there's just no way I could continue to leave my adolescent rantings and ravings on public display for no productive or current purpose for much longer. I finally found a tool to massively privatize my past entries, so that's what I've done. I'll go through eventually and pick out a few that I still think are worth reading, kind of a "best of the worst" collection. But in the meantime, too much noise, not enough awesome. fin.
Where can you catch me these days? Well, in real life, but good luck. And also, on Twitter. http://www.twitter.com/pogopark . y'all might be as skeptical about Twitter as I was for ages but it's gotten me excited about communicating with people on the Internet for the first time in literally years.
And it's gotten me back in the habit of journalling, in a sense. Blogging is lonely if you're not famous, though, so I've made a new livejournal. pogopark is where you will eventually find me puzzling out the difficulties and awesomenesses of adult life. I hope to see all y'all there, truly.
So, this is the last thing I expected to be posting about right now... but this article just blew my mind a little bit. I hadn't done the homework on Iran -- not that I was buying what the Bush Administration was selling, but I didn't know how to decode the nonsense. Now I have a better idea.
Scott Ritter was the UN weapons inspector in Iraq, pre-1998. He was one of the most illuminating voices in the run-up to the Iraq war, making clear the lack of threat Iraq posed and pointing out exactly where the Bush Administration was making shit up to justify its rush to war. Here in the Nation he discusses his recent trip to Iran. What he found there is not only in direct contradiction of the neoconservatives' frame for Iran, but it also shows that there is hope to solving even our most insurmountable-seeming problems in the Middle East -- if only we knew how to relate to potential allies.The Case for Engagement, by Scott Ritter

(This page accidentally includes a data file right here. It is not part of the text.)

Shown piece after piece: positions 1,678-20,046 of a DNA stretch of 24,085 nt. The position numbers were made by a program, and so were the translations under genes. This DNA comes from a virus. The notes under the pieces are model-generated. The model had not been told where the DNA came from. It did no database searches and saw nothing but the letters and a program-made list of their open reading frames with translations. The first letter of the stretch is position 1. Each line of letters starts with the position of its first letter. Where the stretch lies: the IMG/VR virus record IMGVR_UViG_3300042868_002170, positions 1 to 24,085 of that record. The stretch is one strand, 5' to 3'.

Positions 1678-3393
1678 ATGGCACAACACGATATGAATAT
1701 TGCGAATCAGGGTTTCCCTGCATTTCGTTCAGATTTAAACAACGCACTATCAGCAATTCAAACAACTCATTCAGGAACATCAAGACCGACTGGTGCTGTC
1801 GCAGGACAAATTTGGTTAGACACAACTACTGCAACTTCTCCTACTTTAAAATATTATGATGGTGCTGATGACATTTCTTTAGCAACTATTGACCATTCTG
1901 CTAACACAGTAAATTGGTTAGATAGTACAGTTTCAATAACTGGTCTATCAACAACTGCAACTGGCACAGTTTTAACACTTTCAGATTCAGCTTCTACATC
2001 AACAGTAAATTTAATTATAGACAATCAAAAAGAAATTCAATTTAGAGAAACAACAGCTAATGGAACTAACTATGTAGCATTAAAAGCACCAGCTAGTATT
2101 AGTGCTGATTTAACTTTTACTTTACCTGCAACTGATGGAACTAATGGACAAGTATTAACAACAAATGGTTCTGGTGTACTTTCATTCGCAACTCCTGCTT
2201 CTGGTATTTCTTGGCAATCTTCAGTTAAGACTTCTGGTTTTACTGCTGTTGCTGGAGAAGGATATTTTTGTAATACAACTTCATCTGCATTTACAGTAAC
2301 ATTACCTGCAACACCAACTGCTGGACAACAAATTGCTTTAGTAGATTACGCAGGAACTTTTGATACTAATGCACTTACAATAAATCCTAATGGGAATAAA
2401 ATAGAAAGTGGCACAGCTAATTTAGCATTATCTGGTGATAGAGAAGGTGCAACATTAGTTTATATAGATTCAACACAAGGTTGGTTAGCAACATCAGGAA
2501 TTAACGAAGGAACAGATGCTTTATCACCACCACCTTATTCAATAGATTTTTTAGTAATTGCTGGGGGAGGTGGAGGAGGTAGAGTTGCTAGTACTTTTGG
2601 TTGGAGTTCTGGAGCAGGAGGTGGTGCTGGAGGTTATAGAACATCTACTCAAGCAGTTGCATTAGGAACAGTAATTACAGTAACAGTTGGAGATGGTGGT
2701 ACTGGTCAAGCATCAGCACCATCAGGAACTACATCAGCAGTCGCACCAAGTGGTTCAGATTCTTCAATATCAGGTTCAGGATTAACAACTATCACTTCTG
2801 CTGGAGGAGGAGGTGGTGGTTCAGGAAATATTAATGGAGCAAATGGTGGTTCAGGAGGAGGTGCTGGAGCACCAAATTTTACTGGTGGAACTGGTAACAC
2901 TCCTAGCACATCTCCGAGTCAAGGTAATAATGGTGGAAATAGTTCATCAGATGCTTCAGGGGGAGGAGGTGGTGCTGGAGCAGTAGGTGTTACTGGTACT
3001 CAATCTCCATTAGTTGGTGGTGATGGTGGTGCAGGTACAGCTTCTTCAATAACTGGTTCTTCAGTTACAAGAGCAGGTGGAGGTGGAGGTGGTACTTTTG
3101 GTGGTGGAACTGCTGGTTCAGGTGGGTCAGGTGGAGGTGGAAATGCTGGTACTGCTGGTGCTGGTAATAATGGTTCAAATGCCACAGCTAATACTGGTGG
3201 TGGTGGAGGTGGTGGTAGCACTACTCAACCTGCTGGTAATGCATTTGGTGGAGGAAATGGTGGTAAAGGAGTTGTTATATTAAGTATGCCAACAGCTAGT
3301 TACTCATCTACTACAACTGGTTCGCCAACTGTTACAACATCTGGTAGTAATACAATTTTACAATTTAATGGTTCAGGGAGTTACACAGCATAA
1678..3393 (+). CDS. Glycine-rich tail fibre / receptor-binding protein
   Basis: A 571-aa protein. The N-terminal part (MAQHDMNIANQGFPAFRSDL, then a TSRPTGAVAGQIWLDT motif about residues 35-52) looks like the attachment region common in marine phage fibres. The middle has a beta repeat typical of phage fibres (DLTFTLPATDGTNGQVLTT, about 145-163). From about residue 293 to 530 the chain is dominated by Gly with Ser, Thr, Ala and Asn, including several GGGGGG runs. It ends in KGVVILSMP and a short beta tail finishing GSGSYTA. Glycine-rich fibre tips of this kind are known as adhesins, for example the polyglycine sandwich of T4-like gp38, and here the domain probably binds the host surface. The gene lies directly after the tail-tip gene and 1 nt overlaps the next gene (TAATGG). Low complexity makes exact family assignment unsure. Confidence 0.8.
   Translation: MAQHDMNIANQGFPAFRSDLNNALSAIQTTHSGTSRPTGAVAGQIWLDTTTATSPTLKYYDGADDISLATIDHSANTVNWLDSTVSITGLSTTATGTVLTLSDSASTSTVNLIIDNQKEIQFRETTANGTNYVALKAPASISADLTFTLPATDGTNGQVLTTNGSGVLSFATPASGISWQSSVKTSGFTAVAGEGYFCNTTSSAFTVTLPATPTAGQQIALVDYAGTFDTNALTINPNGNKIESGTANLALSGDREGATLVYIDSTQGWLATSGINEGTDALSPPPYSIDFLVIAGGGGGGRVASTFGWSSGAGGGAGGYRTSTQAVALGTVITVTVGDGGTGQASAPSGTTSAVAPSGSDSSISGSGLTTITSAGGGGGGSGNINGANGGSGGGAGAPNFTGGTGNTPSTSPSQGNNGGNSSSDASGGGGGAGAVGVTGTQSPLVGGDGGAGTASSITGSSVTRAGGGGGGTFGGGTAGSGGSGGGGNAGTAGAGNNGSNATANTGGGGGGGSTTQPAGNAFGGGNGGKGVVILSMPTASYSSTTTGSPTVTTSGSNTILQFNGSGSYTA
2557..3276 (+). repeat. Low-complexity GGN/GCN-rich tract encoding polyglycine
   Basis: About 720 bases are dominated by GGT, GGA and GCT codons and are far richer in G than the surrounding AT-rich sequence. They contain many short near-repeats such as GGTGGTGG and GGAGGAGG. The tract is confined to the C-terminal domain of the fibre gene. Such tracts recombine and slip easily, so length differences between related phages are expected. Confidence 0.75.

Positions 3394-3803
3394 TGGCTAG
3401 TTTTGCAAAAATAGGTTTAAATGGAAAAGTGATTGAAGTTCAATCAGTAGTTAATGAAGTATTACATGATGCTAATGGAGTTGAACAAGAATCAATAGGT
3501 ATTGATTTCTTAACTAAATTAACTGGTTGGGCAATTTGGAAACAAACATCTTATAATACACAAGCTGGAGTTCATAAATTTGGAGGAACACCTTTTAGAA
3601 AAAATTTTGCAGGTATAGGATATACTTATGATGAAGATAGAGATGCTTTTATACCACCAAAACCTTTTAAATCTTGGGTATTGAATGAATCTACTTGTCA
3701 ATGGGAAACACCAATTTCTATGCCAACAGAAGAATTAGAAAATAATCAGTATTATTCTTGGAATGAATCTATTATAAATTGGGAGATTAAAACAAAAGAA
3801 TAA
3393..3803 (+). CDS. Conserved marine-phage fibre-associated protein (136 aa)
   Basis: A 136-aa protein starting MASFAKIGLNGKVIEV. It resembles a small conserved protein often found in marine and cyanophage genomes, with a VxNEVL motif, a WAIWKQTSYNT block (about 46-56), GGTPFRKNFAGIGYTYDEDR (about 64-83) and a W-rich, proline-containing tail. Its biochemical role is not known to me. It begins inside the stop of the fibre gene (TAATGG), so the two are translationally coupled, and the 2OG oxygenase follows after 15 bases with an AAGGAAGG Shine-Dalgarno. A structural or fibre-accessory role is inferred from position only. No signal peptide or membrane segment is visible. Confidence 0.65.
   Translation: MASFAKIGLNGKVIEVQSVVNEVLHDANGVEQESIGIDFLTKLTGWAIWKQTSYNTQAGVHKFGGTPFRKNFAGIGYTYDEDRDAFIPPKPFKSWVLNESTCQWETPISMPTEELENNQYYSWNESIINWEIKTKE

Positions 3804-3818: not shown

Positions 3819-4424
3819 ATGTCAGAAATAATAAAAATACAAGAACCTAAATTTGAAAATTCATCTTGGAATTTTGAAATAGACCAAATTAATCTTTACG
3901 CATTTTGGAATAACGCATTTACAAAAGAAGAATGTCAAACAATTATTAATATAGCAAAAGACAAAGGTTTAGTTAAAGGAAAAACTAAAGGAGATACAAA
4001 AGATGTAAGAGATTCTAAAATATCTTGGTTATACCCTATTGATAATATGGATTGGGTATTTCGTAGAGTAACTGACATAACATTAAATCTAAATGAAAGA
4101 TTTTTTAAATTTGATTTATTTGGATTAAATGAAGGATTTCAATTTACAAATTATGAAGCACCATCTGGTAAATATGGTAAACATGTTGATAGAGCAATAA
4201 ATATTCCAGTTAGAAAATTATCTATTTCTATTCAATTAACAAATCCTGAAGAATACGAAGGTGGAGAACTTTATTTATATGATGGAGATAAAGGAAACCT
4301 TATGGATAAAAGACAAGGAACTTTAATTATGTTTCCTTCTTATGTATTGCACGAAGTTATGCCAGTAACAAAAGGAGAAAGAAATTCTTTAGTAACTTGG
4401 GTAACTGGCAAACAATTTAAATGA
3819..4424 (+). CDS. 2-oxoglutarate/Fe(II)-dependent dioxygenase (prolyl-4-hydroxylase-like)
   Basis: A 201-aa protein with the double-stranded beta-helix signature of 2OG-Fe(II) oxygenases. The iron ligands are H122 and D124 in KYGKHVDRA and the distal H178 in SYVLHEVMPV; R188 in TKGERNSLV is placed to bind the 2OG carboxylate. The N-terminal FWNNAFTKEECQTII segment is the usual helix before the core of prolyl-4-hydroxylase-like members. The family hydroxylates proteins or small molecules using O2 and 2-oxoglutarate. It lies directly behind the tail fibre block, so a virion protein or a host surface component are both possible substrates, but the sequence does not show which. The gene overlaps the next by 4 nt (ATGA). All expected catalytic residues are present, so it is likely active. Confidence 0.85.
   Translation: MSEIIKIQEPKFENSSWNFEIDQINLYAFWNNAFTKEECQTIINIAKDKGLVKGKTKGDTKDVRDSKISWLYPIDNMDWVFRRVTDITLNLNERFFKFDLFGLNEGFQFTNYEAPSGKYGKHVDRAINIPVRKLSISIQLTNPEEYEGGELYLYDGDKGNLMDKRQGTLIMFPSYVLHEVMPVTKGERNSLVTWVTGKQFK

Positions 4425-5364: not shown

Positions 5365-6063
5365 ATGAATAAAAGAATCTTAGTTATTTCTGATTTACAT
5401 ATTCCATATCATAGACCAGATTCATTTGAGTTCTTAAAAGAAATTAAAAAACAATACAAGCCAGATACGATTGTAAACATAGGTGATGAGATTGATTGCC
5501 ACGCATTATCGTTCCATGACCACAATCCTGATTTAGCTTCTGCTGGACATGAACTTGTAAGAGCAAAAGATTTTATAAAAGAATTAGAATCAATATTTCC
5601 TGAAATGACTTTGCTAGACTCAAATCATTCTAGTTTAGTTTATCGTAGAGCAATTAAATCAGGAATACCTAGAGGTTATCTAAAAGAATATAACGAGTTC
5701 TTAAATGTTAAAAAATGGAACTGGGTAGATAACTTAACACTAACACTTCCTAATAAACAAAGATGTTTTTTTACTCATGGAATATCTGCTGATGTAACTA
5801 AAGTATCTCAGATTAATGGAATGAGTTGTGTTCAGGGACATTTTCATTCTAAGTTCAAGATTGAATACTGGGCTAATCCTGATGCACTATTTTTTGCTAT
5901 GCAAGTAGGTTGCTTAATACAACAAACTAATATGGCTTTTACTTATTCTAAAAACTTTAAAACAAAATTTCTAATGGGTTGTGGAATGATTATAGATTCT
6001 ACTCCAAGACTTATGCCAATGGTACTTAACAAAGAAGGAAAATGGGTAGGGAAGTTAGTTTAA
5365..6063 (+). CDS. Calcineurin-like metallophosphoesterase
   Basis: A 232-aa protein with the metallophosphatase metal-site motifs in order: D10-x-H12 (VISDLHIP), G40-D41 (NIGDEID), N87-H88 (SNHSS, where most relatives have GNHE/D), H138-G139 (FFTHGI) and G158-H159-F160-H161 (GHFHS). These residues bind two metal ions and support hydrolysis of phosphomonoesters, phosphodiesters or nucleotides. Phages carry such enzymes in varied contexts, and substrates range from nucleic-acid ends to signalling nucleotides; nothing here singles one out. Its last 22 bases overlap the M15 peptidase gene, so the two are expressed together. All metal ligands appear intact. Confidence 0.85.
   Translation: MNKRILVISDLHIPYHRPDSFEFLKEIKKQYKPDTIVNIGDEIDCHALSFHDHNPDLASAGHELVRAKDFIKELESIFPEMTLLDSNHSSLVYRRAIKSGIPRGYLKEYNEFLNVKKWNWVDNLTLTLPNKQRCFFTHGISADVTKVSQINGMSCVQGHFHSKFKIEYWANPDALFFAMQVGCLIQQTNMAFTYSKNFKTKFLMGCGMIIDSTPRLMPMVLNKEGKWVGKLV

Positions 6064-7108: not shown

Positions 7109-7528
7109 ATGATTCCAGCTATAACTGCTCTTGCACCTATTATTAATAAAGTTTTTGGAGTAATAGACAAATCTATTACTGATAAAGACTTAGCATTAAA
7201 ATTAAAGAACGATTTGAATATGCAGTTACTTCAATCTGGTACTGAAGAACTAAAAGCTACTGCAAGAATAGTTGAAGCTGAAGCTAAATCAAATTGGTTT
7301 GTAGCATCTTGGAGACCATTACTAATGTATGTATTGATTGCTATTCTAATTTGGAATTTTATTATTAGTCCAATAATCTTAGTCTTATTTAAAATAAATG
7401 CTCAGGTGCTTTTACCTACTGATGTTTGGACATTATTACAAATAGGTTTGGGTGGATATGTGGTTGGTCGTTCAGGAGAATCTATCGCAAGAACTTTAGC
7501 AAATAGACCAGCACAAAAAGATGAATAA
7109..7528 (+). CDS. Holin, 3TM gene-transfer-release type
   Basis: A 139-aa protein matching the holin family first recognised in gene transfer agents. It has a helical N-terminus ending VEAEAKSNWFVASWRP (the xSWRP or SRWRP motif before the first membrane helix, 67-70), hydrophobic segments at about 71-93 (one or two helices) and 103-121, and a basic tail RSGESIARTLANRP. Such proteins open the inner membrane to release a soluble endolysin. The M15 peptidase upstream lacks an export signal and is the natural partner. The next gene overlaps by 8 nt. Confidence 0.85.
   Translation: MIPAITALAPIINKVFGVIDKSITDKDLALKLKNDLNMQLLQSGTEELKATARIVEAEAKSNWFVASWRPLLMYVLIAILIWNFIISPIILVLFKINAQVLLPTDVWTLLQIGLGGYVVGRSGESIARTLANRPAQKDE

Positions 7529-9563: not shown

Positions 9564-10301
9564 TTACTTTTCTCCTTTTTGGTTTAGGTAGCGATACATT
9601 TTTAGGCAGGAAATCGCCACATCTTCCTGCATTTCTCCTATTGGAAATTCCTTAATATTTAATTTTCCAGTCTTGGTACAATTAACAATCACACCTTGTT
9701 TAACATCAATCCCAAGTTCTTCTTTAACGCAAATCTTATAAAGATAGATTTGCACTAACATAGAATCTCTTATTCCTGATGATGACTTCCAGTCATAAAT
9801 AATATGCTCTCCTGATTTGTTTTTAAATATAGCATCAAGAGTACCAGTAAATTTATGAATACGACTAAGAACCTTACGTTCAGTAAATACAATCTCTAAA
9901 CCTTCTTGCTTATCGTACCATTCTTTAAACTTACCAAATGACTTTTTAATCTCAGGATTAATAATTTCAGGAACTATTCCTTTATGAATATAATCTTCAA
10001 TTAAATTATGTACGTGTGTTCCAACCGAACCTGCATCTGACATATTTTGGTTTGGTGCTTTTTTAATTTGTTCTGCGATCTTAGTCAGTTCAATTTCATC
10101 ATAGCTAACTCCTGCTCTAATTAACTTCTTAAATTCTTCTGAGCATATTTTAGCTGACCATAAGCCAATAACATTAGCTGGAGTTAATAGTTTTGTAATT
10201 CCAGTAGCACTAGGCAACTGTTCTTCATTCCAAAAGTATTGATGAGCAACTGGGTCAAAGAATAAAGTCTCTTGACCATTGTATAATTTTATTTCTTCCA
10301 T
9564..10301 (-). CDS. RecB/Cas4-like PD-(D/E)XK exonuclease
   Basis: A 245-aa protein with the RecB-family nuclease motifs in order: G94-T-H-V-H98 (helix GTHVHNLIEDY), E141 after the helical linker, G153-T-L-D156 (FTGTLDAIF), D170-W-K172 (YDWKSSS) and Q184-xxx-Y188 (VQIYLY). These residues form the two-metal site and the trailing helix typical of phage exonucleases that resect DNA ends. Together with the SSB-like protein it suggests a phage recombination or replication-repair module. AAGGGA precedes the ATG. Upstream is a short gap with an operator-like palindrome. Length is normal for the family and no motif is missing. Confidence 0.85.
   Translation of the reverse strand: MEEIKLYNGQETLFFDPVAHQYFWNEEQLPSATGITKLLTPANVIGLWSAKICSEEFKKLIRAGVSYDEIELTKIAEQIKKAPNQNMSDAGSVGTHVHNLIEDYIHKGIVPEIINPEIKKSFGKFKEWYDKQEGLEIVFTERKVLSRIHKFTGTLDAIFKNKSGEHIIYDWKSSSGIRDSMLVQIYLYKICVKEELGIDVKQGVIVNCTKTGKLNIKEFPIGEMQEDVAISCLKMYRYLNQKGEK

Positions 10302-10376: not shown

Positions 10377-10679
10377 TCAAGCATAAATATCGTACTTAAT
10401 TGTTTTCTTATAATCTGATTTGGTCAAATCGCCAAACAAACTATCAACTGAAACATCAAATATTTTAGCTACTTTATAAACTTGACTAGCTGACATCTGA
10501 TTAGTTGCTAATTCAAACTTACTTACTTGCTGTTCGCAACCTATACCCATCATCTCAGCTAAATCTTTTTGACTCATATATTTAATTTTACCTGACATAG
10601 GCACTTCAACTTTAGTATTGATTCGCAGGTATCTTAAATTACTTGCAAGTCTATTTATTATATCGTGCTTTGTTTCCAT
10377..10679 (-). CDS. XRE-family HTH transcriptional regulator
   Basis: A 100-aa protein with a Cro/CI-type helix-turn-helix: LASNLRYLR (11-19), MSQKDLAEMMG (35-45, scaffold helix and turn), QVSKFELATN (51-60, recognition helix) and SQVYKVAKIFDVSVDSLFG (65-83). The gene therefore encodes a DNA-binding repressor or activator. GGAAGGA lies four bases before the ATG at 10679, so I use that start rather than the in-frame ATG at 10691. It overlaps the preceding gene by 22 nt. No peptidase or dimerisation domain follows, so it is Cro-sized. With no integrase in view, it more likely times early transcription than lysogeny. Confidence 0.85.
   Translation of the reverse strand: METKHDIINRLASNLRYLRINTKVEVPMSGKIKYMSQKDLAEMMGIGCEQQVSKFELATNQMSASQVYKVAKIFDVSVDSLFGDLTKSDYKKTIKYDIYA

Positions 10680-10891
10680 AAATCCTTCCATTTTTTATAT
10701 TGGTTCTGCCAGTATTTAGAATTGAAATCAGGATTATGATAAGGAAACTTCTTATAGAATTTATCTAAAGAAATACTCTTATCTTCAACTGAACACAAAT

There's only 7 days left... one week... somewhere between 100 and 125 working hours... very little sleep. I've been here in Seattle for nearly 5 weeks and it barely seems like the 14 days I spent in Columbus in 2004. I think that's mostly because I've spent 90% of my waking hours in this office, working at an increasingly frenetic pace, without any weekends or other events to mark the passage of time. It's been overwhelmingly great, though, much better than I had expected, and much less frustrating than I had worried it might be, given some of the more problematic aspects of the company that is running the campaign on behalf of MoveOn. Plus, the other day this dude stopped by: